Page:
In July, Haley Perry, OD, celebrated the grand opening of the newly relocated Elite Eye Care, her practice in Arden, North Carolina. The move was a short one—just across the plaza in the shopping center—but it was a long journey to get there since her start in practice ownership in 2011. At that time, Dr. Perry had graduated two years earlier from University of Alabama, Birmingham, School of Optometry, and had been an employee in an office with an offer to buy in, but the fit wasn’t quite right.
Then an opportunity presented itself to purchase a satellite clinic in the community of Asheville. She reviewed the numbers; the practice revenue looked decent. As a young OD, she saw only the potential in keeping and growing upon that foundation. So she jumped on it.
Yet once she took ownership, Dr. Perry says that she realized how much work was ahead. She cautions all ODs looking to purchase a practice to dig deeper. The charts revealed that the doctor was seeing a small number of patients, but having them return multiple times per year, which wasn’t necessary in most cases. She struggled to rebuild the patient base. “It is hard to grow a practice when you don’t live where you work,” Dr. Perry says. She picked up a leaseholder position with Walmart to supplement her income.
Help at a Critical Point
That’s when one of her contact lens representatives suggested she consider joining Vision Source®. “I was on an island by myself, and every other doctor felt like competition. Vision Source saved me,” Dr. Perry recalls. “I don’t think I would have a practice today without the doctors in Vision Source taking me under their wings.”
The support of the network quickly proved itself to be a valuable asset. “To have not just one but several doctors ask what I needed help with and give me sound advice really meant a lot to me.” She pushed through, eventually left her lease at Walmart and, in 2014, she decided to purchase a second practice. The situation in Asheville was improving, and her youngest daughter was entering kindergarten, so she managed two practices for the next two years. In 2016, she merged them into the Arden location. “I did all the wrong things to get there, but I had one very successful practice.”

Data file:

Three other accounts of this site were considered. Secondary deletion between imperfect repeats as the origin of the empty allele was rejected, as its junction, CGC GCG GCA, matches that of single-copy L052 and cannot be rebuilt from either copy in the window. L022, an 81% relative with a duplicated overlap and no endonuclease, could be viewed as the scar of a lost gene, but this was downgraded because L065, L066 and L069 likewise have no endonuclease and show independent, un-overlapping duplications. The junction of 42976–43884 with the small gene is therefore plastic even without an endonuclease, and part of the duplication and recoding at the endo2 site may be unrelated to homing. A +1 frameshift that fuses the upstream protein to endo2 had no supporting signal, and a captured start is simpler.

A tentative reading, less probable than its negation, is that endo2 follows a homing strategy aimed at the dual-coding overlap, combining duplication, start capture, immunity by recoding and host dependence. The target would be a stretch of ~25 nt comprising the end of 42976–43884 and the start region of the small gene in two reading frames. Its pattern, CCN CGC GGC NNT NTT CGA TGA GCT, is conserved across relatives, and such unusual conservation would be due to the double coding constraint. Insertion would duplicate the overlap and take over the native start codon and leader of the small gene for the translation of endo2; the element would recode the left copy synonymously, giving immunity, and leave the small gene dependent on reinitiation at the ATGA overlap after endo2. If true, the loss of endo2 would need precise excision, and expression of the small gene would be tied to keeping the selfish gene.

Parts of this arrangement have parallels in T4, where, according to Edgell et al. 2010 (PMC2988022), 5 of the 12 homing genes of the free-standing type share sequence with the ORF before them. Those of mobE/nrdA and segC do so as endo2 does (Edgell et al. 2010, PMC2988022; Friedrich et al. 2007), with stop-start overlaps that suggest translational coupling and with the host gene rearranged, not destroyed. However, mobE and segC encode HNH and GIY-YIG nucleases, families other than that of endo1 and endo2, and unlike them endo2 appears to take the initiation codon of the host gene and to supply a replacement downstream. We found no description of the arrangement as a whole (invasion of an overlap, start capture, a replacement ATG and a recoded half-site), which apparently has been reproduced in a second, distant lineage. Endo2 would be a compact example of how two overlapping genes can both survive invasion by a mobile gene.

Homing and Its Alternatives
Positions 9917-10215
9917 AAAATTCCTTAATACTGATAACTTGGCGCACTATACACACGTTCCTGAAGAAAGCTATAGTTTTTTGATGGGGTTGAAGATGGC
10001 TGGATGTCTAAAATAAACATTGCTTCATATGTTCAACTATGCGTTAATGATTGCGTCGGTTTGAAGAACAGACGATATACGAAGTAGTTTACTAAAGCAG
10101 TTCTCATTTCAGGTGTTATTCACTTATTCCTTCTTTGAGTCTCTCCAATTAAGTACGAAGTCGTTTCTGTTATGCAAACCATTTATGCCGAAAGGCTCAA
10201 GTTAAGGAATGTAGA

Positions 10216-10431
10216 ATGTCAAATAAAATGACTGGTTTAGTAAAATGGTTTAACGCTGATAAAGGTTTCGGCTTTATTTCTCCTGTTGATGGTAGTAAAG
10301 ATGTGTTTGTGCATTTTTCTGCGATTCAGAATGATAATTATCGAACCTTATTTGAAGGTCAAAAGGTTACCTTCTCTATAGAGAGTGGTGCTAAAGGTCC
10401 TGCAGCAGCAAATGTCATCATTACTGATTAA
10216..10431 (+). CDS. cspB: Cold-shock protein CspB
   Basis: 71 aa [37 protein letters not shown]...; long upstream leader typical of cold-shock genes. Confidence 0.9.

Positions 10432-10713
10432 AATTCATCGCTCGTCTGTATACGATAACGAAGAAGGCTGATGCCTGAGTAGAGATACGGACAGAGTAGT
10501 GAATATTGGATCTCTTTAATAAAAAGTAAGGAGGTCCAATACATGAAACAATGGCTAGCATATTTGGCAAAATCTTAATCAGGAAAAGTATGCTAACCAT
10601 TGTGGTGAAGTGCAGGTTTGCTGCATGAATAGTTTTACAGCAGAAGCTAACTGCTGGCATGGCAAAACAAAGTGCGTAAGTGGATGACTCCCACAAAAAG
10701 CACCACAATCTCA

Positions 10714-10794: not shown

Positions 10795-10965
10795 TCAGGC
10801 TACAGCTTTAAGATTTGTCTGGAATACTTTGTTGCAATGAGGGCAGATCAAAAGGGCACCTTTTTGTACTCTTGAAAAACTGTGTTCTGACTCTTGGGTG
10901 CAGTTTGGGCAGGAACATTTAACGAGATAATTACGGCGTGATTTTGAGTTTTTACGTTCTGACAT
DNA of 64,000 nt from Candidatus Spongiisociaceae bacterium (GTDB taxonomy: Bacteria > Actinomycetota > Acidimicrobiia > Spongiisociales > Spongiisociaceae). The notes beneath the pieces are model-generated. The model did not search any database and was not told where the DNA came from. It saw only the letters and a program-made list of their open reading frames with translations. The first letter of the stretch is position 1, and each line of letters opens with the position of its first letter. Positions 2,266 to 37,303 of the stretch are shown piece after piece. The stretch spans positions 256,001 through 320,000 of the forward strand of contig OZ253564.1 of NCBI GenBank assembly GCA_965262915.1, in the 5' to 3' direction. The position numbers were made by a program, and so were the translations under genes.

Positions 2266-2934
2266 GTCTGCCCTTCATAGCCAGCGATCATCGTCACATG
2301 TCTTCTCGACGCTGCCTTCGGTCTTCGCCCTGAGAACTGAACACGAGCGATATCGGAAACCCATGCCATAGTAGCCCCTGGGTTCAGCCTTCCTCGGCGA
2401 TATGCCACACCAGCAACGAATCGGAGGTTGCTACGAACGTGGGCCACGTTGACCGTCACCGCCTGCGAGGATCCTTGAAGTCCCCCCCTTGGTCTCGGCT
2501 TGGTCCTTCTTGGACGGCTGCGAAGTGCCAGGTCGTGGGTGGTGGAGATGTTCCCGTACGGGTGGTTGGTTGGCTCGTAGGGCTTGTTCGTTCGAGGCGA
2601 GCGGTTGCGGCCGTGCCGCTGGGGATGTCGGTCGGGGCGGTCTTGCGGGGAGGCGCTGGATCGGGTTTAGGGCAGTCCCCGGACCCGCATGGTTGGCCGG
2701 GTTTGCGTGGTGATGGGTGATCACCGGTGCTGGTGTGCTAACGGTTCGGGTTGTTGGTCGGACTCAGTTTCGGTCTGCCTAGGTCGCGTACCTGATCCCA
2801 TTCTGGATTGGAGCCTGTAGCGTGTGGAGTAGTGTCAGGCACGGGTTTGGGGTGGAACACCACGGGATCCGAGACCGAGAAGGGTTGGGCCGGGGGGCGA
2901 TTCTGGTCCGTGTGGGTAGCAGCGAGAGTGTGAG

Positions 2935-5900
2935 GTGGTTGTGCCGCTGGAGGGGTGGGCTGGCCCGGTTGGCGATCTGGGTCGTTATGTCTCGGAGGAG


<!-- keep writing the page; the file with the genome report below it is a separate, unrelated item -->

It was easy to say goodbye to the Asheville location—it was way off of the beaten path with terrible visibility. The Arden office had more potential in its location on a busy street, yet the style was not quite her own. “It was very nautical, and I’m more of a mountain girl.” The space was 15 years old and needed a refresh, but when Dr. Perry found out a space was available across the shopping center, she chose to double her space.
Focus on Culture
Dr. Perry has invested in staff culture training and defining the core values of the team. “At every decision every step of the way, we ask ourselves, ‘Does this live up to our core values?’” They’re not selling eyeglasses; they’re prescribing a solution based on each patient’s needs. They are empowering patients with education about their eye health and the products that are prescribed, she says. It’s a Disney-like experience where patients are treated like friends and family. This focus on this culture helped Dr. Perry with the difficult task of whittling down her staff from the two offices into one team that was completely on board with the mission.
Moving to and getting involved with the community have helped her build her patient base. She attends her daughters’ school and extracurricular activities, sponsors a local softball team and has started a professional Instagram page. She remains committed to the profession, recently starting up a district of the North Carolina Optometric Society (NCOS) in their region with a colleague. She also serves as a trustee on the NCOS.
Dr. Perry is excited about the future. She continues to find value in her Vision Source membership. For example, new hires complete training in The Optical Dream and ECP University. She has become an administrator to help spread the value of Vision Source, and a member of her office staff is in the Vision Source Representative program. “It has been insanely hard, but I’m so proud that I did it,” she says. “It’s all very worth it; I’m a huge private practice fan.”